SINGAPORE - Amos Yee continued to stay in remand over the weekend and on Monday after no one turned up to post bail for him.
During a pre-trial conference on April 17, District Judge Kessler Soh had converted the $20,000 police bail that Yee had been on to court bail, requiring bail to be reposted, according to The Straits Times.
Since Yee's parents did not post bail, the teen had to be put in remand. Blogger Roy Ngerng claimed that he had tried to bail Yee out but failed to do so as he had to go to Malaysia.
Channel NewsAsia reported that Ngerng alleged in a Facebook post that Yee was in remand due to a breach of bail conditions. The Attorney-General's Chambers (AGC) clarified on April 18 that Yee stayed in remand over the weekend as no one had come forward to bail him out.
In a lengthy Facebook post, Ngerng apologised for being unable to raise the $20,000 in time: "The bail terms are ridiculous. Amos was not allowed to post anything at all. When asked how his latest posts meant he violated the bail terms, I understood it was said that the content was 'irrelevant' and he has violated the bail terms anyway, and so had to be remanded."
An AGC spokesman explained that bailors only needed to pledge that they had $20,000 and were not required to deposit the money with the court.
Bailors also need to show they can ensure that Yee abides by the bail conditions and shows up in court when required.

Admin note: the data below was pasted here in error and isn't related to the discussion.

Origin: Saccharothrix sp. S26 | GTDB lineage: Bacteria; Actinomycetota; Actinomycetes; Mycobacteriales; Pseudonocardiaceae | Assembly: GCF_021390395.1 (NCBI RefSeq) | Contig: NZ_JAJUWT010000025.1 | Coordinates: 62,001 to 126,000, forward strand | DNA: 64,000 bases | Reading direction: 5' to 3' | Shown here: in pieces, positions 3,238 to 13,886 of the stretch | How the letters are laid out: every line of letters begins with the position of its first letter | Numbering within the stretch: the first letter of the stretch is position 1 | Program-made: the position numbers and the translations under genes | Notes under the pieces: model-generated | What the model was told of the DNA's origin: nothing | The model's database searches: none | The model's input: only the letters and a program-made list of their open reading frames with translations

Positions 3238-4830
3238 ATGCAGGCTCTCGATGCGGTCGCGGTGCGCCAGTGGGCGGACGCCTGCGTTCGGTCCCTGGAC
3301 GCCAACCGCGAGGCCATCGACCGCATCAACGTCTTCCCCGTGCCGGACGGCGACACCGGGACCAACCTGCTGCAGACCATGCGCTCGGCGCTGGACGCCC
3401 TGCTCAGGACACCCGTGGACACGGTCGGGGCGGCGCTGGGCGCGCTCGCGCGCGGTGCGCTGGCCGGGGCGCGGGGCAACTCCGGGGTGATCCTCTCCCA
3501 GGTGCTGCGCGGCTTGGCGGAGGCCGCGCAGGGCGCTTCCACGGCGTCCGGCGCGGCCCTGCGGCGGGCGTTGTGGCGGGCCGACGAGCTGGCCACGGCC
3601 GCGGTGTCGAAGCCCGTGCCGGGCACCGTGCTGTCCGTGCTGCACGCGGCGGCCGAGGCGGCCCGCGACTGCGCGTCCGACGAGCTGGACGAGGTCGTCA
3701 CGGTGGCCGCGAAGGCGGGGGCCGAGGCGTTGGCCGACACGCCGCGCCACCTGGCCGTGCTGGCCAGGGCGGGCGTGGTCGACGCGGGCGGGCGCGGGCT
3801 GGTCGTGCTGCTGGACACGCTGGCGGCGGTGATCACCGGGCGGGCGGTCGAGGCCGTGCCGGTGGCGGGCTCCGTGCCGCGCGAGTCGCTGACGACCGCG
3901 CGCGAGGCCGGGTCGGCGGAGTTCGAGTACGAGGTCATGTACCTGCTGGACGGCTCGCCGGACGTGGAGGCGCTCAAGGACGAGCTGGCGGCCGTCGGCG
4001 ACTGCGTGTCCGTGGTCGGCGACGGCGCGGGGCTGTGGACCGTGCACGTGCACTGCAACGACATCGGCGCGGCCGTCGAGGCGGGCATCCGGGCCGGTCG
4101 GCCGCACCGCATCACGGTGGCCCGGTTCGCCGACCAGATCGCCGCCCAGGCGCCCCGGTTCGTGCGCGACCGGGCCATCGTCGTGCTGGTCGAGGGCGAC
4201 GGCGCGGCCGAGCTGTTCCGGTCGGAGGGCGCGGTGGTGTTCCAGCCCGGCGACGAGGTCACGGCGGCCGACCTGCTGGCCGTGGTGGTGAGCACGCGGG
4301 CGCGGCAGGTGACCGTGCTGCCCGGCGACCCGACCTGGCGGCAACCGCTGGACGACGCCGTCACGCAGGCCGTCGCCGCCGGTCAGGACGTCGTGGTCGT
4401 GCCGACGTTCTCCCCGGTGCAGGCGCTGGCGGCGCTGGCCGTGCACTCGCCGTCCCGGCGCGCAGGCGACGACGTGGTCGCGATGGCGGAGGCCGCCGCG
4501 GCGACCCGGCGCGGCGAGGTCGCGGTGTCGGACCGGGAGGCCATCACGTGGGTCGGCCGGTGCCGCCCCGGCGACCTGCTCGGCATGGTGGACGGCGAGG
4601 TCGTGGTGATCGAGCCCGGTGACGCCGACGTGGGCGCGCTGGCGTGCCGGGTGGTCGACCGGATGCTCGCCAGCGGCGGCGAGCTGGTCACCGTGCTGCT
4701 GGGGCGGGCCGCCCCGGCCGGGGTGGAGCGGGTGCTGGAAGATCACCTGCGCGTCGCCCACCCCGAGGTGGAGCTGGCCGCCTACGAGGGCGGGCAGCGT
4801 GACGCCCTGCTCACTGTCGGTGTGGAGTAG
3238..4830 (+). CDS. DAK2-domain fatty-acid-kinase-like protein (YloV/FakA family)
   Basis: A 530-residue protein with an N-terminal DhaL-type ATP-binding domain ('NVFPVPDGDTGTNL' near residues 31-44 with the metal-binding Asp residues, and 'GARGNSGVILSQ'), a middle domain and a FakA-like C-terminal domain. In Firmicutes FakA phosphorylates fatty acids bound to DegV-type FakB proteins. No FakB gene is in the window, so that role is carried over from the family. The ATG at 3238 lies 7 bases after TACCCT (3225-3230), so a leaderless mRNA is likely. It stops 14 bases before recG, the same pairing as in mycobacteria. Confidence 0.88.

The last registration for bail on Saturdays is at 12pm and the bail office is closed on Sundays, while the last registration for bail on weekdays is at 5.30pm.
Yee's next pre-trial conference is on May 13 and a bail review will be held on Tuesday.
The 16-year-old was charged on March 31 with attacking Christianity, transmitting an obscene image and making an online video containing remarks about founding prime minister Lee Kuan Yew that offended viewers. He agreed as a condition of his bail not to post anything online until his case is decided, reported The Straits Times.
However, on April 14, Yee had posted a plea on his blog and Facebook page to ask for donations to fund his legal fees. The blog post included links to the offensive videos and posts that had originally landed him in trouble.
What it should have been
In an earlier version of this article, we reported that Mr Roy Ngerng had spoken to The Straits Times. This is inaccurate. We wish to clarify that The Straits Times did not report that Mr Ngerng had spoken to its reporters. The error was made in AsiaOne's report, which has since been amended. We are sorry for the error.